That sheepy, lanolin smell is something I’ve loved ever since I first knit with Bartlettyarns, back when I knit Rogue (gosh, my hair was so BLONDE back then!). I’ve only ever knit with the worsted weight yarn before, so I’m very excited to get to try out the sport weight.

bartlettyarns miniskeins

And the hand-dyed colors are gorgeous! I definitely want to use these in something amazing, and the wheels are already turning in my mind over how I might design with them – paired with a light sheepy grey or oatmeal sort of color, these would be pretty gorgeous in a yoke design, no?

a kind of hilarious “FO” photo…

Look what arrived in the mail today! #officiallyPhD

A couple of weeks ago, my diploma arrived in the mail. Since I defended in the summer, my official degree conferral took place at a board meeting in October, though I can still walk in the Commencement in May (and since I still live here, I probably will, if my advisor’s interested in participating!)

So, here it is. That piece of paper I worked long and hard for. I think the disinterested toddler and cat walking through the background of the photo really do a lot to capture the reality of my life. I may have a Ph.D now, but to the kid and the cats? It’s just a boring (if strangely enormous) piece of paper. Way less exciting than a cup of milk and the prospect of dinner :)

things i make for maddy: mittens!

modeling the mittens for mama

I decided to use the leftovers from M’s hat to make her a pair of matching mittens. I traced M’s hand, and used it as a “template”, knitting the mitten from the top down:

Making a mitten for M from her hat-leftovers.

They were a really quick knit…I was soon onto mitten #2:

one mitten down, one to go.

The mittens have a row of eyelets above a short-rowed garter stitch cuff. The eyelets aren’t simply decorative – I intended to run a string through them so that I could tie the mittens together and string them through the sleeves of M’s jacket.

The thumb was created by casting on some stitches using the backwards loop method, and then picking up the cast-on loops and knitting upward – you can’t even tell where the picked up stitches are, I swear!

a pair of mittens for M

The short-rowed garter stitch cuff was designed to mimic the short-rowed garter stitch brim of M’s hat, and it’s split on the side to make for easier on-off. The cuff is edged in i-cord, just like the hat that inspired it.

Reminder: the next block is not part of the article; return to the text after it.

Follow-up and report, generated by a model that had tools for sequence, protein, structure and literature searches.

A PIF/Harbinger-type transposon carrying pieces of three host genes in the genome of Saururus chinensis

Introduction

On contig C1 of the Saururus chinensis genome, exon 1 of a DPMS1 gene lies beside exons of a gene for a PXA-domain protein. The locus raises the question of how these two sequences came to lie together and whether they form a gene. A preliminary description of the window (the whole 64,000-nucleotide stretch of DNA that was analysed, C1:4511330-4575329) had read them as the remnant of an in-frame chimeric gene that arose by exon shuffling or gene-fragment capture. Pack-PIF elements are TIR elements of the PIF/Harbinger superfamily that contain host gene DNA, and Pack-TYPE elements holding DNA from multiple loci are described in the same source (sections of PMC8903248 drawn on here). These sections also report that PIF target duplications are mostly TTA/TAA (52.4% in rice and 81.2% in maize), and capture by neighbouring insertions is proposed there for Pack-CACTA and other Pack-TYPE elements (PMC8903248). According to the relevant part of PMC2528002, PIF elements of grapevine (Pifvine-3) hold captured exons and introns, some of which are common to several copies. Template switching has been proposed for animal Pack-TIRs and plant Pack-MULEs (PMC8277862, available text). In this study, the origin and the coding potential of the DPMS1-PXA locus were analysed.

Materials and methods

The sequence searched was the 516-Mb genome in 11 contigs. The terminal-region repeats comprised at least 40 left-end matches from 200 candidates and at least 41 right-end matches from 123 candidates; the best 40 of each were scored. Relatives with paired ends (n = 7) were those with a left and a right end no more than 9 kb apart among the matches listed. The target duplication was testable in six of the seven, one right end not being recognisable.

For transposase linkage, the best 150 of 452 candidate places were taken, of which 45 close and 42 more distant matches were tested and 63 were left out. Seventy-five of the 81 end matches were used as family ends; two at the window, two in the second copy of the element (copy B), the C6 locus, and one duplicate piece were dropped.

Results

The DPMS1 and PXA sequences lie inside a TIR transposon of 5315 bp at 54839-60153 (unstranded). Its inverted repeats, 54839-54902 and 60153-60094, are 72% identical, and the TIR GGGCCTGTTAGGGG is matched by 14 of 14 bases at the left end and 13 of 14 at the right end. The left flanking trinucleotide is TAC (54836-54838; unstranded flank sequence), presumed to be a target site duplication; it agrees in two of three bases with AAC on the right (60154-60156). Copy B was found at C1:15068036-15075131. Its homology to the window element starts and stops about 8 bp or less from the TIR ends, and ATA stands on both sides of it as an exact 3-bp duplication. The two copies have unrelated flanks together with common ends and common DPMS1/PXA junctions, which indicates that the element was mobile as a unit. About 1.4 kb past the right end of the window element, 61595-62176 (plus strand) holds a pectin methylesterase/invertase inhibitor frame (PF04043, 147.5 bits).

She loves her mittens, and wanted to wear them all the time this weekend!

modeling the mittens for mama

Sadly, one of them has already gone missing – I (stupidly!) let her wear them to school yesterday morning. I’d meant to thread the string through them first so that they couldn’t get lost, but just plain forgot…and she came home with one last night. The missing one may still turn up somewhere, but for now, I think I’ll knit a third one…and she definitely isn’t going to get to wear them anywhere until they’re tied together! Actually, I think I’ll treat mitten #3 as a test-knit for writing up a pattern – I’d like to publish a pattern of “recipes” for the hat and mitten set, because they’re super cute, very practical and also quick knits!

Important last-minute addendum: the missing mitten has been found!

They found the mitten! (M had stuck it in her teacher's bag!)

It was in her teacher’s bag – M must have put it in there yesterday. Sneaky kiddo! I’m so relieved that I don’t need to knit her a third one – tonight I’ll make up a crochet-chain to attach the mittens to each other (and thread them through her jacket sleeves) so that we don’t have a lost-mitten scare like this again!

Super Madrigal 2.0 gets a cape from mama!

this kid. i love her so.
This kid. How I love her!

Madrigal decided a few weeks back that she wanted to be “superkitty” for Halloween. She was very particular about what this would involve: kitty ears, and a purple and red cape. We took her to Joann fabric, where she picked out the particular purple and red fleece colors that she wanted, and we found the most perfect clip-on kitty ears:

Went to Joann to get fleece to make her "super kitty" cape, and found clip-on cat ears. Perfect!